In 1956, in the Brazilian state of Rondônia, a group of Wari’ Indians had their first peaceful contact with whites: Protestant missionaries and officers from the national Indian Protection Service. On returning to their villages, the Wari’ announced, “We touched their bodies!” Meanwhile the whites reported to their own people that “the region’s most warlike tribe has entered the pacification phase!” Initially published in Brazil, Strange Enemies
is an ethnographic narrative of the first encounters between these peoples with radically different worldviews.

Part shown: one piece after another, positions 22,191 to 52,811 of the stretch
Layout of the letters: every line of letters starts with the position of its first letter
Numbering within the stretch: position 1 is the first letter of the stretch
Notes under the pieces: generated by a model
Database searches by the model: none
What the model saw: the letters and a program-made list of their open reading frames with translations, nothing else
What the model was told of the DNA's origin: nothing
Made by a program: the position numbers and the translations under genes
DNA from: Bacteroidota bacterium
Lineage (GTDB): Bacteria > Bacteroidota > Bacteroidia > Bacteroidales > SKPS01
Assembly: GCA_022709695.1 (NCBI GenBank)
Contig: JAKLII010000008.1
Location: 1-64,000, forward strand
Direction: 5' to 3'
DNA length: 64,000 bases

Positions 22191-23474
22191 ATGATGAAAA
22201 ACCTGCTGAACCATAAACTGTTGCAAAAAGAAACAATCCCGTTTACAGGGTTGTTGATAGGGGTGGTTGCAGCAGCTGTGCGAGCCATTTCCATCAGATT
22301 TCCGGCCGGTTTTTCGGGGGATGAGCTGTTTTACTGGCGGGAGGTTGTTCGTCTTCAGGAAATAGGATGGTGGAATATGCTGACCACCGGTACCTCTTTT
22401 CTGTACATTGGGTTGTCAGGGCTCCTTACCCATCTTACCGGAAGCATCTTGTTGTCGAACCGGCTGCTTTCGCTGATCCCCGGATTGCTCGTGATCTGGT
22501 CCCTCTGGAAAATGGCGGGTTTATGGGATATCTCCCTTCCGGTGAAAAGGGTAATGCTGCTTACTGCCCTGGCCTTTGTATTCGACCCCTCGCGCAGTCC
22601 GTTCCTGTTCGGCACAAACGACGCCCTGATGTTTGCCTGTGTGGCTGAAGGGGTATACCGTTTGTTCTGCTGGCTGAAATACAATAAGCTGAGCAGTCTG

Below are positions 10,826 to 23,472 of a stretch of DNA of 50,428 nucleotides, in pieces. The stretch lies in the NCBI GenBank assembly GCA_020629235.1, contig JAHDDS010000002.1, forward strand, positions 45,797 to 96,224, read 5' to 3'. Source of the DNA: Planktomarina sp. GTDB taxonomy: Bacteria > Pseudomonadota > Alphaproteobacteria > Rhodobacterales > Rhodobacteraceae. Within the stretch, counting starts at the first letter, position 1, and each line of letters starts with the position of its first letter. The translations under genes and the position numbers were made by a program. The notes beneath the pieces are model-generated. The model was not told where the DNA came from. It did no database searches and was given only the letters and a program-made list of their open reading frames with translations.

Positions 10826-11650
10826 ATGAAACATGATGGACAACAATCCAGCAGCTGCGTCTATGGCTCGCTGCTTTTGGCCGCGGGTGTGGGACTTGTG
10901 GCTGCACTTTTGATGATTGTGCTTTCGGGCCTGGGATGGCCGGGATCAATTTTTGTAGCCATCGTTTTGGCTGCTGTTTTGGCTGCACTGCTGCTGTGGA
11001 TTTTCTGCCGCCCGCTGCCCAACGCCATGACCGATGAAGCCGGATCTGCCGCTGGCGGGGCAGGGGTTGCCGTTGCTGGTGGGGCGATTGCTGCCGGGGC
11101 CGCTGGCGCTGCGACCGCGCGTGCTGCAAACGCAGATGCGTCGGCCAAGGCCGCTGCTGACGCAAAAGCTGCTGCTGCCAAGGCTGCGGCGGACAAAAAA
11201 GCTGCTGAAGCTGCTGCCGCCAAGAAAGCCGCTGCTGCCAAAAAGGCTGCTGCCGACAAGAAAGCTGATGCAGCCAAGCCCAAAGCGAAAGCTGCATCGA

During the 1940s and 1950s, white rubber tappers invading the Wari’ lands raided the native villages, shooting and killing their victims as they slept. These massacres prompted the Wari’ to initiate a period of intense retaliatory warfare. The national government and religious organizations subsequently intervened, seeking to “pacify” the Indians. Aparecida Vilaça was able to interview both Wari’ and non-Wari’ participants in these encounters, and here she shares their firsthand narratives of the dramatic events. Taking the Wari’ perspective as its starting point, Strange Enemies combines a detailed examination of these cross-cultural encounters with analyses of classic ethnological themes such as kinship, shamanism, cannibalism, warfare, and mythology.